The Beginning of the End for Third-Party Cookies

While we touched on Google Core March Update in last week’s blog, and how it will affect content moving forward, what we didn’t get a chance to cover is how Google is also planning on axing third-party cookies. 

So, read on to get a quick breakdown of what cookies are, what Google is doing to them, and some strategies on how you can pivot and adapt to this latest move.

What Are Cookies and Why Do They Matter?

Cookies are vital for a personalized web experience, remembering login details, preferences, and shopping cart contents. Third-party cookies are used by advertisers to track users across various sites to display targeted ads based on browsing history and preferences. 

However, growing privacy concerns have sparked a backlash against third-party cookies, leading to a demand for more secure, privacy-focused tracking methods.

Google Says Bye-Bye to Third-Party Cookies on Chrome

Google has started its plan to eliminate third-party cookies on Chrome, affecting initially 1% of its users—roughly 30 million people. The company aims to extend this phase-out to all Chrome users, representing about 65% of the global browser market, by the third quarter of 2024.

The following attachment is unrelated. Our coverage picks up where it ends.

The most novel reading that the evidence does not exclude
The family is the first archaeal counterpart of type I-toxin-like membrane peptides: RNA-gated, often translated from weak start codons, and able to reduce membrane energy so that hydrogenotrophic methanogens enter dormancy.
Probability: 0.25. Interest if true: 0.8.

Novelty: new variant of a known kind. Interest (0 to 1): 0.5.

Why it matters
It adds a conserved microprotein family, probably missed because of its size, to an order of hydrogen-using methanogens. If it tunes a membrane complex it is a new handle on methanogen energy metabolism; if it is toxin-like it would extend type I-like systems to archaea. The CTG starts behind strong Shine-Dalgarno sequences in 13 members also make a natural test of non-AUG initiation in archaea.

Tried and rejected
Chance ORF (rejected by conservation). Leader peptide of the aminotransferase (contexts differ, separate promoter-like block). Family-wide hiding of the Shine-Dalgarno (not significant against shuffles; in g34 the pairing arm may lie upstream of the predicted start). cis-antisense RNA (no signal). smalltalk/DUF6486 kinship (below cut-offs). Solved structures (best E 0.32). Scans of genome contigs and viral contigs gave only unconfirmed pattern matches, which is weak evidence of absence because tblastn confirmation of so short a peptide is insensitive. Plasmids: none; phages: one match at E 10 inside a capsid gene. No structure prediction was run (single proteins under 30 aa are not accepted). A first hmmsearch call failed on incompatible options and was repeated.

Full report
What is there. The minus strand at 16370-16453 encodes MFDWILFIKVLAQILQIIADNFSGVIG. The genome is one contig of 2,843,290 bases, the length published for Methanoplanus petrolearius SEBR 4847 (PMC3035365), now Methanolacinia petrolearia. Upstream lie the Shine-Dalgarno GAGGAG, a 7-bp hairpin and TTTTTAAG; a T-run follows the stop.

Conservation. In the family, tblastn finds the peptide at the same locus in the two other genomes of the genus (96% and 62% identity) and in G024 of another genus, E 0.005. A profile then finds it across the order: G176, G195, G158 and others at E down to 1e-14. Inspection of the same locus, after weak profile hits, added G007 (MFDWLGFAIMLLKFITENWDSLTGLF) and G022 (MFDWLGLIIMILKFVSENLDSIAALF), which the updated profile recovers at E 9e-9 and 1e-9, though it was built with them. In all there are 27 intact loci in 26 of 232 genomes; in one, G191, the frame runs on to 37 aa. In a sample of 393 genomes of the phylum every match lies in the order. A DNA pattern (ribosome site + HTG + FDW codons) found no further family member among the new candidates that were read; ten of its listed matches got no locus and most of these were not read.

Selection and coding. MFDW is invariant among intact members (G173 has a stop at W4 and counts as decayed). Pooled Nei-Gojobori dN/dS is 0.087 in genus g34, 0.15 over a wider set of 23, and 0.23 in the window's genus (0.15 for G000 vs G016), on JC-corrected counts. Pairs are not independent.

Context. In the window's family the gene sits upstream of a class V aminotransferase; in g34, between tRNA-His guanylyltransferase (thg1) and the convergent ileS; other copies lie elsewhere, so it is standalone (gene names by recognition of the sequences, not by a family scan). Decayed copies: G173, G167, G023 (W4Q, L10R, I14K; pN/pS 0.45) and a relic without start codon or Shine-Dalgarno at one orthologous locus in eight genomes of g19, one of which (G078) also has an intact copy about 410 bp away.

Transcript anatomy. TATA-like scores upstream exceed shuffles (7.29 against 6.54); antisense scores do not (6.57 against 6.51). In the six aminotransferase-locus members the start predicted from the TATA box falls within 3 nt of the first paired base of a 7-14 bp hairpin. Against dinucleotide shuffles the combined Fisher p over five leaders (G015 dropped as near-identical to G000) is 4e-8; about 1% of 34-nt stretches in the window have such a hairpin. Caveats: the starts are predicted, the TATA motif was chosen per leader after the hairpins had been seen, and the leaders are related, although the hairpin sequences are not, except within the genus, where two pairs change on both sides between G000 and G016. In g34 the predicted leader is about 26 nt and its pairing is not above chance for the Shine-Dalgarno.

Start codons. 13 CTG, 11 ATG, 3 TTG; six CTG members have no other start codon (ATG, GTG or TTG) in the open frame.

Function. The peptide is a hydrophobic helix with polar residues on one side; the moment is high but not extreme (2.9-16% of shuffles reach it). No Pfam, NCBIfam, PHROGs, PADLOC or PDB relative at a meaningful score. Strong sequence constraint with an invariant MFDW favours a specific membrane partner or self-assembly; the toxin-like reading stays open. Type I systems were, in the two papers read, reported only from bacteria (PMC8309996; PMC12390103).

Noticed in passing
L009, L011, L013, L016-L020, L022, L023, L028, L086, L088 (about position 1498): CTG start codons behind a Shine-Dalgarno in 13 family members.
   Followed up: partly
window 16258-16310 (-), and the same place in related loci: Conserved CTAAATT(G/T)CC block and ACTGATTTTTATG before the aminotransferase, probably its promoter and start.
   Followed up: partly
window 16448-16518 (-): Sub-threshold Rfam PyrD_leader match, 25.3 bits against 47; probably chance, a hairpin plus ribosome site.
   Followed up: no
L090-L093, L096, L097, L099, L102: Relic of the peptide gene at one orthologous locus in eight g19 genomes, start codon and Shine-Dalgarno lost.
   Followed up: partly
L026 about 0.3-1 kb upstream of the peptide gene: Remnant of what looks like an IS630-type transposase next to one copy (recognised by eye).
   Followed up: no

This is a significant move for digital advertisers, marketers, and privacy advocates, marking a shift towards improved online privacy.

The Advertising Industry’s Reluctance and Challenges

Even with a set timeline for the removal of third-party cookies, many advertisers still heavily depend on them for targeted advertising. Without a universally accepted alternative, advertisers face a fragmented landscape of potential solutions, making the transition difficult. Google’s Privacy Sandbox initiative aims to introduce privacy-centric tracking methods, but the advertising industry is still struggling to understand and implement these new technologies.

Strategies for Adapting to a Post-Cookie World

Advertisers should consider other data sources like first-party data, contextual targeting, and emerging technologies. Utilizing artificial intelligence and machine learning can analyze consumer behavior while respecting privacy, offering an alternative to cookie-based targeting. 

As the demise of third-party cookies is on the horizon, advertisers and marketers need to actively test new strategies and technologies to remain competitive in a post-cookie digital environment.

Looking to Tomorrow

Digital marketers can’t afford to ignore the March 2024 Google Core Update. As we’ve covered, this significant update not only proposes ending third-party cookies but is heavily focused on “Helpful Content,” aiming to feature content that users find genuinely valuable. This has been a direction Google has been going in for some time with previous updates and changes (think of their E-E-A-T update). Ignoring this and future Google updates and changes will mean getting buried in search results, or not being there at all.

Be sure to reach out to our team to learn about our white-label digital marketing services, and how we can help you and your clients.